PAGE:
Homemade furikake no. 3: Noritama

fukake3_noritama450.jpg

Noritama is one of the most popular flavors of furikake available commercially. Nori means the seaweed that's used as a sushi roll or onigiri wrapper, and tama is short for tamago, or egg. The base, which gives the most flavor to the furikake, is bonito flakes or katsuobushi.

Surprisingly perhaps, noritama is one of the more fiddly furikake to make at home, though it's by no means difficult. But I like to make it occasionally anyway becase I find commercial noritama to be a bit too salty. This version is lower on salt, so you can pile it on your rice if you want to. Naturally it's free of any preservatives, MSG, or what have you. It's also a lot cheaper than the commercial versions, even if you have to pay premium prices for the bonito flakes and nori as I do.

Noritama (nori and egg) furikake

Makes about 2 cups.

  • 1 1/2 cups of bonito flakes if you have very fine flakes; or 4 to 5 large handfuls of bonito flakes if you have large flakes
  • 3 to 4 large sheets of nori
  • 1 tablespoon sesame seeds
  • 2 hardboiled eggs
  • 3 to 4 tablespoons dark soy sauce
  • 1 tablespoon mirin
  • pinch of sea salt

Equipment needed:

  • a large bowl
  • oven
  • non-stick baking sheet or baking sheet with lining paper
  • non-stick frying pan
  • sieve or mesh tea strainer
  • food processor (optional)

Preheat the oven to 300°F / 150°C.

Crumple up the bonito flakes if they are large, into the bowl. Crumple up the nori sheets into the bowl. Make sure your hands are dry or the flakes will stick all over them. Mix well with the soy sauce and mirin.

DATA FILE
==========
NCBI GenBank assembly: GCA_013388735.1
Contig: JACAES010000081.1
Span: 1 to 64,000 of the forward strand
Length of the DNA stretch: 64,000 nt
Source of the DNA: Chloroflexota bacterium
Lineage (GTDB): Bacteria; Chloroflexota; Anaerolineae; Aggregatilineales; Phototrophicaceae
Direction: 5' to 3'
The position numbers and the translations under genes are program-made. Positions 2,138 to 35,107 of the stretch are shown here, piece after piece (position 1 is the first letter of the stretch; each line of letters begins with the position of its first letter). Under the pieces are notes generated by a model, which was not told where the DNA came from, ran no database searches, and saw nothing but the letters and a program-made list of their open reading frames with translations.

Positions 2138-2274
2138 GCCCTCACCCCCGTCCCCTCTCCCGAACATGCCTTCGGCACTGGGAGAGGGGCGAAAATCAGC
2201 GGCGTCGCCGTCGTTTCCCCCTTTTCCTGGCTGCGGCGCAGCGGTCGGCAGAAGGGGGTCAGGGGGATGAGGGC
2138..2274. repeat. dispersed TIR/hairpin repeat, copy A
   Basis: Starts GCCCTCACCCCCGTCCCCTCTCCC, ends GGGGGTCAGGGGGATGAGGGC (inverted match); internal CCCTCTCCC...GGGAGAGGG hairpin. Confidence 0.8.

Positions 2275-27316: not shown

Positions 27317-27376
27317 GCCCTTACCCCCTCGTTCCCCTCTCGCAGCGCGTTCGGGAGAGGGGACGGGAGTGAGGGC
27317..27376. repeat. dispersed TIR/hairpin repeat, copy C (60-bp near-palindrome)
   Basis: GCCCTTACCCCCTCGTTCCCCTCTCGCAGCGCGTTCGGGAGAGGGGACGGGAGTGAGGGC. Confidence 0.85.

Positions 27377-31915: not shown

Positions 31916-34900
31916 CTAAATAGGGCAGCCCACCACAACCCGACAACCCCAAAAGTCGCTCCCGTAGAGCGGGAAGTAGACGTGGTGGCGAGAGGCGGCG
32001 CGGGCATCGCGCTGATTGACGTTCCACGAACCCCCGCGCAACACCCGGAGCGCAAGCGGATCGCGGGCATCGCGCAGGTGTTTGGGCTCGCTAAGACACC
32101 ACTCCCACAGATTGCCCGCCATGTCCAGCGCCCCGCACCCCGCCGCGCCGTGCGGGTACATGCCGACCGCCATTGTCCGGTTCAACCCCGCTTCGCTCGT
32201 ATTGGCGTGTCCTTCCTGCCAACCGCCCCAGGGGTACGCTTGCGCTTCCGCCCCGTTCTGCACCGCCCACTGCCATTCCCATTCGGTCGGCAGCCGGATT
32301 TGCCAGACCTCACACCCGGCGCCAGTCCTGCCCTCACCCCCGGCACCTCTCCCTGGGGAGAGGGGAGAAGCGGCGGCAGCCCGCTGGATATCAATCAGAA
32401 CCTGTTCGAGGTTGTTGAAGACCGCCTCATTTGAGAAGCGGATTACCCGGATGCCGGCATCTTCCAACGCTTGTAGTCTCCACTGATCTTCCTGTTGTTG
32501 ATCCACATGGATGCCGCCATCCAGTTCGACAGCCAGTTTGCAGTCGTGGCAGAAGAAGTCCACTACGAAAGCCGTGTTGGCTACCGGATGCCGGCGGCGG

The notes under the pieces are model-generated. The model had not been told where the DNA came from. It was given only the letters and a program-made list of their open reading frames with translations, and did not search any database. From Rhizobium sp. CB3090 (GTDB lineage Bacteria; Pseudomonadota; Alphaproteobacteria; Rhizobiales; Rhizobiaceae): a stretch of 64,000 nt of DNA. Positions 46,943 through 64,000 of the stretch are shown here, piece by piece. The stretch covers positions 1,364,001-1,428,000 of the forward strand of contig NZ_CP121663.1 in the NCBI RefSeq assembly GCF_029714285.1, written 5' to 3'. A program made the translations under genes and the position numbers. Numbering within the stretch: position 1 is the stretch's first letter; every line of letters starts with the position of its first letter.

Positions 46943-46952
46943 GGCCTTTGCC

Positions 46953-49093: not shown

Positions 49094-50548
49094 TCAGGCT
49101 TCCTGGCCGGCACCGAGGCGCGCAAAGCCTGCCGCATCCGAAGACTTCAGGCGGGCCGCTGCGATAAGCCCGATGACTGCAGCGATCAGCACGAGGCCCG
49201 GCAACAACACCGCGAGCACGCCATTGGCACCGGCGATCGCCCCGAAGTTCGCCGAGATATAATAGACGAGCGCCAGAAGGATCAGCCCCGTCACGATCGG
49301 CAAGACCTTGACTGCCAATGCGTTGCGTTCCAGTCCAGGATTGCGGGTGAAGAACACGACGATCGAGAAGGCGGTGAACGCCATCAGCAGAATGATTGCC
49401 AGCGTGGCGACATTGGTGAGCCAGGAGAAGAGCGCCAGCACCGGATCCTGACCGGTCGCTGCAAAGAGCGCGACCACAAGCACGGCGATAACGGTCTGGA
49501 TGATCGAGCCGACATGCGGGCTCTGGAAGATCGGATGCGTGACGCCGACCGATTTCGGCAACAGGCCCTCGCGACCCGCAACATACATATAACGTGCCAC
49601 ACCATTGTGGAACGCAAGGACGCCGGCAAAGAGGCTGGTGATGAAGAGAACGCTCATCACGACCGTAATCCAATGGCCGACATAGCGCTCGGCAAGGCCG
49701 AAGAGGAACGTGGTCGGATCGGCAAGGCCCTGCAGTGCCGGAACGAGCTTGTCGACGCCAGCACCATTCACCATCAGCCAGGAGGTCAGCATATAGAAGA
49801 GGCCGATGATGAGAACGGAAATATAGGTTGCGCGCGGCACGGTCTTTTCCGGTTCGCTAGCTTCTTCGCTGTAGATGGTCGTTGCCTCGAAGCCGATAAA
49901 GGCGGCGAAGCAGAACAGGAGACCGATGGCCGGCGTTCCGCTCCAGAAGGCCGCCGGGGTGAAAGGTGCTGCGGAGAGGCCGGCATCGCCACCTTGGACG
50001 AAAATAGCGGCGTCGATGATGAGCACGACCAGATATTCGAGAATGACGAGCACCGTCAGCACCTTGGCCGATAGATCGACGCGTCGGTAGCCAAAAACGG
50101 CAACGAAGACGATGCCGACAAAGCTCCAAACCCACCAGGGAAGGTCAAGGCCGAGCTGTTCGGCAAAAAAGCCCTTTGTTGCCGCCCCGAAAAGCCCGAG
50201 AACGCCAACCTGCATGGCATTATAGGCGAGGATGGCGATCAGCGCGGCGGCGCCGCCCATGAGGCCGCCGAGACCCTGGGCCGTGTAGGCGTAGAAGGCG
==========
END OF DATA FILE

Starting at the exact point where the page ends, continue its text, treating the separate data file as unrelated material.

On a non-stick baking sheet, or a baking sheet lined with kitchen parchment paper or non-stick pad, spread the mixture out thinly. Put in the oven and let 'bake' (you're really drying it out) for 10-15 minutes. Watch and smell - if it starts to smell in the least bit like burned soy sauce, take it out.

In the meantime, take out the yolks of the hardboiled eggs - use the whites for a salad or something. Pass the yolks through a fine-meshed sieve, or a tea strainer if you don't have a sieve, directly into the non-stick frying pan. You want fine grains of yolk.

Put the pan over a low heat with a pinch of sea salt, and let the yolks dry out slowly. After a few minutes, gently toss the pan to loosen up the yolk particles. As the bits start to dry out, you'll be able to hear them making a rustling dry sound in the pan. Let them dry out like this, shaking occasionally, until the bits are quite dry. This may take 15-20 minutes. Don't let them brown. This is the fiddly part of this furikake. (The yolks are in this furikake mainly for color, so you can omit them if you don't want to bother with them, though then the furikake won't be noritama, but just nori...I guess.)

Don't forget to check on the oven in the meantime! When the bonito flake-nori mixture is done it should be quite dry. If it has moist spots, stir around a bit with a spatula and return to the oven for a few minutes.

When done, let cool. In the meantime, toast the tablespoon of sesame seeds in a dry pan until a couple of seeds 'pop'. Let this cool also.

When the bonito-nori mixture is cooled, crumble it up with your hands as fine as possible. Or, put it in a food processor and pulse-mix until it's fairly fine (but not a fine powder).

Mix in the cooled dried out egg yolk and toasted sesame seeds with the bonito-nori mixture. Store in an airtight container in the refrigerator for about a week or so (It may last longer, but in our house it rarely makes it over a few days.) Sprinkle on rice, on soup...or, as someone in our house does, just eat it by the spoonful as a snack.